23 August 2017|

DEER spectroscopy by Ned van Eps in the Ernst lab was used to validate the crystal structure of the phosphorylated G-protein-coupled receptor (GPCR) rhodopsin in complex with arrestin. EPR measurements confirmed the location of the C-terminal tail of rhodopsin on a arrestin binding surface in a non-crystallographic environment. GPCRs are among the most important cell surface receptors controlling nearly all of our physiology. Termination of G-protein-mediated signalling by an […]

Bear Lab shows that a new Cystic Fibrosis treatment improves function from a rare CFTR mutation in patient tissue

14 July 2017|

The laboratory of Christine Bear, together with the group of Régis Pomès and collaborators at The Hospital for Sick Children and Proteostasis Therapeutics, used in silico, in vitro and ex vivo techniques to comprehensively understand the consequences of a rare Cystic Fibrosis (CF) disease-causing mutation in the CFTR gene: c.3700 A>G (ΔI1234_R1239), and subsequently develop a novel mechanism-based therapeutic strategy.

Steven Molinski, first author of the study and recent […]

Dr. Scott Prosser wins the 2017 Jeremy Knowles Award!

11 May 2017|

Dr. Scott Prosser has received the 2017 Jeremy Knowles Award of the Royal Society of Chemistry.

Read the full story: http://www.rsc.org/ScienceAndTechnology/Awards/JeremyKnowlesAward/2017-winner.asp

Howell lab deduces the mechanism of type IV pilus motors

5 May 2017|

Howell lab

The type IV pilus is a long and sturdy grappling hook that bacteria use to attach to a surface and then pull themselves closer to the surface. They are important for virulence in many pathogens, including those that cause cholera, gonorrhoea, food-borne diseases, and multi-drug resistant hospital acquired infections. The molecular mechanism of the motors involved in throwing out and pulling […]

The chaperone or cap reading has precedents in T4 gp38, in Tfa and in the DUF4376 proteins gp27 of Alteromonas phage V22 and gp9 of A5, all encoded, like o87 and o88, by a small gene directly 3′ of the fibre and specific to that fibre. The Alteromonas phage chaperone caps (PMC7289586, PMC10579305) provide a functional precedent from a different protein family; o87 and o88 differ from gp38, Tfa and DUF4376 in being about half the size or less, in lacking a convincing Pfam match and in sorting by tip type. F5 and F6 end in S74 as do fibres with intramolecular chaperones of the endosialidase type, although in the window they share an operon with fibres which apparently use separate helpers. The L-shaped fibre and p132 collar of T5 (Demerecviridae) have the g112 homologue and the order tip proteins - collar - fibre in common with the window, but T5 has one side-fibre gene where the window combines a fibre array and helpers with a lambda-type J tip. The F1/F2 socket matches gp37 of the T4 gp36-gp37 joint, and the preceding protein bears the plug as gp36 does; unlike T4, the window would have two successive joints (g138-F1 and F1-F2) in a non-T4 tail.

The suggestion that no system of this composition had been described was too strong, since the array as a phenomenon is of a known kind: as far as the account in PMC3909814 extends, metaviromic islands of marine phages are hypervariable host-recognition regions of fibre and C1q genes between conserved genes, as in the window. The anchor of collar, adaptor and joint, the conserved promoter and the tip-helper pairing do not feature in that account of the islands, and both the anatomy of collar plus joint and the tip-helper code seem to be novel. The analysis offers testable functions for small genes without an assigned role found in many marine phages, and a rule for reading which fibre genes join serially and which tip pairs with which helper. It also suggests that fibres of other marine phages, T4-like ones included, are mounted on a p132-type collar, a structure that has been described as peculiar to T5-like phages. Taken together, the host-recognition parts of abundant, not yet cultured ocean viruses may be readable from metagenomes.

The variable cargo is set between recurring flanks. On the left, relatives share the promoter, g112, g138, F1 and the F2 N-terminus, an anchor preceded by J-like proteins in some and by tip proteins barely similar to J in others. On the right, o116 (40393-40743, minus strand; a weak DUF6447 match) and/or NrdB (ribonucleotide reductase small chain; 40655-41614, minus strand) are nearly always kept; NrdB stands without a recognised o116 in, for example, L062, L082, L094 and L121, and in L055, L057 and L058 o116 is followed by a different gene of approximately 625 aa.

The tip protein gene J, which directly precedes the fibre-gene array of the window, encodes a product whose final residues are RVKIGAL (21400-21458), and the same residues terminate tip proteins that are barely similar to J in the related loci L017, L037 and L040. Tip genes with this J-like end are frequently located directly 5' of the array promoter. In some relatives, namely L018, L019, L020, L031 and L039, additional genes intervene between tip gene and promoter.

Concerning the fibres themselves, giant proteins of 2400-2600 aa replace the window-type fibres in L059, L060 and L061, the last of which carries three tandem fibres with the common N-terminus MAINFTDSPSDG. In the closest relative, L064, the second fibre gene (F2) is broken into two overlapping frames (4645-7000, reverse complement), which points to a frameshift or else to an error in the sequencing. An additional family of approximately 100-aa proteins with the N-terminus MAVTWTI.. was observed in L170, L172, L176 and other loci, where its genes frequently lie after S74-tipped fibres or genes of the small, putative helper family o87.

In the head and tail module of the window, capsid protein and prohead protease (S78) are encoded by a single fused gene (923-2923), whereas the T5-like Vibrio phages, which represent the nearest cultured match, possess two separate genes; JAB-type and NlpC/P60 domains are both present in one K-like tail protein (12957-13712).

New genetic disease discovered by Drs. Aleixo Muise and Walter Kahr

7 April 2017|

Two of Biochemistry’s professors, Drs. Aleixo Muise and Walter Kahr have discovered a brand new genetic disease through their research at the Hospital for Sick Children.

Their research article is published on Nature Communications.

Their story was also highlighted on the Hospital for Sick Children, CBC The National and CBC News Network, and the Globe and Mail websites:

http://www.sickkids.ca/AboutSickKids/Newsroom/Past-News/2017/SickKids-team-identifies-new-disease-solves-medical-mystery.html

http://www.cbc.ca/news/thenational/new-disease-discovered-1.4054061

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A still image from a 3D animation depicting the molecular context and environment for kinetic phenomena.

Visual and Interactive Media for Deeper Molecular Understanding of Enzyme Kinetics

3 April 2017|

Dr. Stavroula Andreopoulos and Dr. Derek Ng were awarded a 2017-2019 Elevation Grant from the Advancing Teaching and Learning in Arts & Science (ATLAS) initiatives fund. The proposal “Visual and Interactive Media for Deeper Molecular Understanding of Enzyme Kinetics” represents the start of a long-term mutually beneficial collaboration between the Department of Biochemistry and UTM’s Biomedical Communications (BMC) program. MScBMC students will design and develop a […]